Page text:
“There’s a futurist at Google called Ray Kurzweil and he is very famous because manages to get things right 85% of the time unlike the others. So he says that in 20 years’ time there will be a thing called Singularity . . . the hardcore version of it is that machines will build machines smarter than themselves and we are totally out of the picture. AIs will be so far ahead of us it will be the equivalent of us trying to explain what we are talking about to a room full of chimpanzees. And advertising agencies are still talking about branded content? Grow up!
“In twenty-five years there’ll be robots sitting amongst us. So we should be revising our whole education system. Collaboration between humans and AI is going to make us better. Creativity is the last thing AI will catch.”
Pryor: “Tell us about Sophia.”
Fink: “She was created by this guy David Hanson who used to be a sculptor. Allegedly she is a cross between his wife and Audrey Hepburn. I got a call from Hanson Robotics who are based in Hong Kong and LA. They asked me to help develop the Sophia brand. I went to meet her last year. There are six or seven versions of her – I worked with version number three. She works in different modes. I asked her a joke. There is robot humour. You can talk to her in free mode when she is not programmed which I find more interesting.”
Pryor: “What about the art with your eyes?”
Fink: “The idea was how do you draw a portrait? When I was at art school I sat in life drawing classes, everyone’s got their piece of paper, and I kept wondering about this thing of looking, looking, looking . . . . I thought I wonder if instead of holding a pencil, I can do an eye drawing with my eyes looking. I called up this company called Tobii, who are world leaders in eye tracking. Stephen Hawking used one. So they sent me an eye tracker, a coder, after three months I could look at the screen and the thing would draw. The concentration is intense.”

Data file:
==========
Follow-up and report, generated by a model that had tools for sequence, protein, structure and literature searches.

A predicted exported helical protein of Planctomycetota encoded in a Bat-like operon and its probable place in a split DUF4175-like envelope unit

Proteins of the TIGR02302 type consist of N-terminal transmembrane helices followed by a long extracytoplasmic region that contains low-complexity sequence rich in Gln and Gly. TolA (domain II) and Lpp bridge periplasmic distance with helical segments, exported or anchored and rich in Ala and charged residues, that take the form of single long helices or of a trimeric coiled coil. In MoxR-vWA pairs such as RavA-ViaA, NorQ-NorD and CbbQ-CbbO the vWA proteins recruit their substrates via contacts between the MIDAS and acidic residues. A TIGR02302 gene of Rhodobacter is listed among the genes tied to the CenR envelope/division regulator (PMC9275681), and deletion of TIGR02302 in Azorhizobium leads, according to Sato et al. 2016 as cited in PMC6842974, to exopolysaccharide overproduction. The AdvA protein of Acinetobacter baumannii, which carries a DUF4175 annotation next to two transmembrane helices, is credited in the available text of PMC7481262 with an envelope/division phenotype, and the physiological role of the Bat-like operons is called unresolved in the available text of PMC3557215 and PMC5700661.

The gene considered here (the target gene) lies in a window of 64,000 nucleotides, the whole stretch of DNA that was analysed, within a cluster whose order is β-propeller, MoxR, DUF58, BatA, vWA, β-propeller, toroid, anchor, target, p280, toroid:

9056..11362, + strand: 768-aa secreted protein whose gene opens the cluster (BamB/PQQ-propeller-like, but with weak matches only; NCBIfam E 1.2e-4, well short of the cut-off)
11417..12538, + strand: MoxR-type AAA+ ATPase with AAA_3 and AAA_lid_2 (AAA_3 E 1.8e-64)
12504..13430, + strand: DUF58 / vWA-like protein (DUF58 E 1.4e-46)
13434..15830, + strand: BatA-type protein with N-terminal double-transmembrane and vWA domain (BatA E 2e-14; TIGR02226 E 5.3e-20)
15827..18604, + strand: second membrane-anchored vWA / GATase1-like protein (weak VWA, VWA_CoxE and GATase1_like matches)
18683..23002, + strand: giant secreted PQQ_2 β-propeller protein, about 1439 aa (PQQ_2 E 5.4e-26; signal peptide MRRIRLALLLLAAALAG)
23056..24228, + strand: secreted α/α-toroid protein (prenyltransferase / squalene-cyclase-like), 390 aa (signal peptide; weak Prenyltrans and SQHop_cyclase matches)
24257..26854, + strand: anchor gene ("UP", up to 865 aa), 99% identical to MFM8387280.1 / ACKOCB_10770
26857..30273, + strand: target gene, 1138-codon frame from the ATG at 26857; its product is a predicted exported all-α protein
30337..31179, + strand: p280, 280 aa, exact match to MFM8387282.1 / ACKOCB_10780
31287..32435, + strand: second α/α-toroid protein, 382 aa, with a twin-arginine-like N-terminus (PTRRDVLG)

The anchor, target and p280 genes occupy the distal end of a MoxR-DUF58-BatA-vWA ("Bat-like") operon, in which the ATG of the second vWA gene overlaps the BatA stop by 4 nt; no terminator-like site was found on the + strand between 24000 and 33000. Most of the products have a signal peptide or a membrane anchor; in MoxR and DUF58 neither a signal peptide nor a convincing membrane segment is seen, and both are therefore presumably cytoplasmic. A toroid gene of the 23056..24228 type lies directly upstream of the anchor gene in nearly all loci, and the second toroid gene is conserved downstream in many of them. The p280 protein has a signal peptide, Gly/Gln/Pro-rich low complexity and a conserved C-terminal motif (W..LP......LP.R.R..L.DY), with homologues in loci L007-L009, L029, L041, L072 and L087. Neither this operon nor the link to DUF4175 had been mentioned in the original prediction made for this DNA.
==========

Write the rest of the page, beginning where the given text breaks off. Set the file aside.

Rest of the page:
Pryor: “We are facing a viral outbreak that is the biggest pandemic since the Spanish flu of 1918-20. Do you think the tech age has created an era of anxiety? There’s the loss of jobs, automation . . . social anxiety is rocketing.”
Fink: “It’s affecting us on levels that we don’t understand. They say Facebook makes you depressed. You don’t post negative stuff on Facebook, it just looks like you are having a fantastic time.”
Pryor: “Subconscious and creativity through the phenomenon of pareidolia has been a focus of your practice.”
Fink: “These are a series of monotypes – a monotype is a one off – and I like the richness and blackness of the ink. When I started the series I had a rough idea it was to do with the pareidolia army. I see them everywhere. The army is cursed, the soldiers spend their lives for eternity fighting battle after battle. When I start work on them I have that in mind, but I try not to manipulate it too much and just do enough to suggest it. I like people to look at it and see things.”
Fink’s latest exhibition In Transition at VVA VirginiaVisualArts is on until 10 April.
The Picasso and Paper exhibition at the Royal Academy of Arts is on until 13 April.